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  3. "Mazda has always been the Japanese equivalent to Chrysler (or maybe AMC...no...Subaru is AMC) -- not quite number one or two (Honda/Toyota and GM/Ford) in terms of sales..." So, in 1982 you're saying Mazda was the #3 Japanese car manufacturer, behind Toyota and Honda? I'm curious where these claims/statistics came from. Here's what I have for U.S. sales, according to my records:

    Toyota - 530,246
    Nissan - 470,246
    Honda - 365,865
    Mazda - 163,638
    Subaru - 150,335
    Mitsubishi - 5,260 + ~65,000 badged as Dodges + ~35,000 (best guess) badged as Plymouths = ~105,260
    Isuzu - 15,462

    My guess is Mazda was 4th, at least in the US. It doesn't really matter, but it is an interesting bit of trivia. If you're saying Mazda was #3 overall in the US, I don't think that's even remotely accurate.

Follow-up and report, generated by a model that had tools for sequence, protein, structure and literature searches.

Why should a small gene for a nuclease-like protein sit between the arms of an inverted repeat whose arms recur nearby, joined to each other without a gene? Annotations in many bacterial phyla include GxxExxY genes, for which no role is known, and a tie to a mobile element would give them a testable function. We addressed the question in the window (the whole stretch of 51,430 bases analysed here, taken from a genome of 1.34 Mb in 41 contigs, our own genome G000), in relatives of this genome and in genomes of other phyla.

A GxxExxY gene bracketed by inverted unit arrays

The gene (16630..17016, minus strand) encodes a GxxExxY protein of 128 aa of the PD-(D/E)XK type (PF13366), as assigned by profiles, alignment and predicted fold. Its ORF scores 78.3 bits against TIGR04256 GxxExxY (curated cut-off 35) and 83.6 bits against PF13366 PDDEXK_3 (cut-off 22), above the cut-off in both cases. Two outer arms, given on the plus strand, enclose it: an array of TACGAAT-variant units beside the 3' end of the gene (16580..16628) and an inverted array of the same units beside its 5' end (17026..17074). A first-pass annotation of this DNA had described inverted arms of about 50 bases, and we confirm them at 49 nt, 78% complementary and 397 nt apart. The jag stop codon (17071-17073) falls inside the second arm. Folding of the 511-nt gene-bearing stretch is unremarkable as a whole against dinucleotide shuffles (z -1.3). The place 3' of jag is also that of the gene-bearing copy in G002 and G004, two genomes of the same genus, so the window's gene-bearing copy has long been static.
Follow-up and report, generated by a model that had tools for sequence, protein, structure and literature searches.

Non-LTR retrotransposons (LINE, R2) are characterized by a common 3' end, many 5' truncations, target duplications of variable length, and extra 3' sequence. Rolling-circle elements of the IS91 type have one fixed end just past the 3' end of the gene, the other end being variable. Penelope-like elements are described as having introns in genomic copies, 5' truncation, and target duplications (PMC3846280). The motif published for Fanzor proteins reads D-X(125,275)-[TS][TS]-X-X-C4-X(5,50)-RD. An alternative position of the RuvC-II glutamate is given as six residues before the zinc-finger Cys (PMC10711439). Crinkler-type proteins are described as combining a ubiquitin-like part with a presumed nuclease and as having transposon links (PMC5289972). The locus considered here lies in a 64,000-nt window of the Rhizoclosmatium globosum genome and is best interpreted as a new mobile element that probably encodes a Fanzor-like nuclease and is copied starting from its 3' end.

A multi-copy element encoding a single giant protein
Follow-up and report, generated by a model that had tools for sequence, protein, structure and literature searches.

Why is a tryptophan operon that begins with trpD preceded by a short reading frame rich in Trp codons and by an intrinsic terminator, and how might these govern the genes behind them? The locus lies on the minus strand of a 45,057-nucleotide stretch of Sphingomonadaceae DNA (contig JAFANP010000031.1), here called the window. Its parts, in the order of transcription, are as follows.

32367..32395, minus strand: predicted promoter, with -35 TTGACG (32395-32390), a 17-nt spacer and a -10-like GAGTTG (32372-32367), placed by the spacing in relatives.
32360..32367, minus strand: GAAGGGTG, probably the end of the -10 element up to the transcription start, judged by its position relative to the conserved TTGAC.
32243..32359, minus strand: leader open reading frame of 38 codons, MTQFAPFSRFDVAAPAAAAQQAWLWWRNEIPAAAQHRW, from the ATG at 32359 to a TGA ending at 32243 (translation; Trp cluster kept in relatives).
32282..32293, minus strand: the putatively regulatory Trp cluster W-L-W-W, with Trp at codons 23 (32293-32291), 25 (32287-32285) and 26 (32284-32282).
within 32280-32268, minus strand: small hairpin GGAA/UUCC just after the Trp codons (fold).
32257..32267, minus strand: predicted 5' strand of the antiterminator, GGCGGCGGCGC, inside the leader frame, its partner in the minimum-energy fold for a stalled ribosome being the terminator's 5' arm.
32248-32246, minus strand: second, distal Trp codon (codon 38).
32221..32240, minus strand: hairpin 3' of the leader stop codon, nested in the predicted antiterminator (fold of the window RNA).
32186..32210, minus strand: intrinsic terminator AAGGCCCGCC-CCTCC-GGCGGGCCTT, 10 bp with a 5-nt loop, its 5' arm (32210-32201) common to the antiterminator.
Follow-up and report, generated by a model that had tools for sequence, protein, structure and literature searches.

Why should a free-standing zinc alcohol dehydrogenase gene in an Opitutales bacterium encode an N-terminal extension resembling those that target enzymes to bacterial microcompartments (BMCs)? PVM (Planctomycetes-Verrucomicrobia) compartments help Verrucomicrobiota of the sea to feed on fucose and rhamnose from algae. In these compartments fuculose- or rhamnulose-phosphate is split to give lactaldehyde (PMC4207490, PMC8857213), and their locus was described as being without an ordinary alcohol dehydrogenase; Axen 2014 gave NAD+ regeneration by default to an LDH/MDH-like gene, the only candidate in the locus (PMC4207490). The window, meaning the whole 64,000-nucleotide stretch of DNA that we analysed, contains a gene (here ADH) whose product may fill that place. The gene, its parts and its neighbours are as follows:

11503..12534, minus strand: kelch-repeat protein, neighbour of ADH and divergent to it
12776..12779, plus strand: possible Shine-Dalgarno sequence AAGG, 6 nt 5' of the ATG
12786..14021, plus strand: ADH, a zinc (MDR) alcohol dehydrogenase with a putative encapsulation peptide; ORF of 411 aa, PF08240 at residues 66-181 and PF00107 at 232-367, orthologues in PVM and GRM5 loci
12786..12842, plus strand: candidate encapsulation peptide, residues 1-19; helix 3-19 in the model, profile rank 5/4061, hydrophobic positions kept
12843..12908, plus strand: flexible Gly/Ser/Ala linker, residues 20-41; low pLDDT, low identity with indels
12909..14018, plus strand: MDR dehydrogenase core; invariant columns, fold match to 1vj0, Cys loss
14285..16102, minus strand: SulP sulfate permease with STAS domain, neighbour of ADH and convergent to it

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    1. Subaru? IMPOSSIBRU!!!!!!!!

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    2. There's a hilarious joke buried in an enigma inside a conundrum there, I'm sure of it. Or not.

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  4. Did this cost more Than $4800 When new?

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    1. I paid about $9800 for mine in 1981.

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    2. Also, I might add, these were really under powered cars. And there was a problem with premature head gasket failure. But to Mazda's credit, they totally reimbursed me for an entirely new top end when I was stranded in Death Valley after the head gasket failed. The head basically melted between two of the cylinders.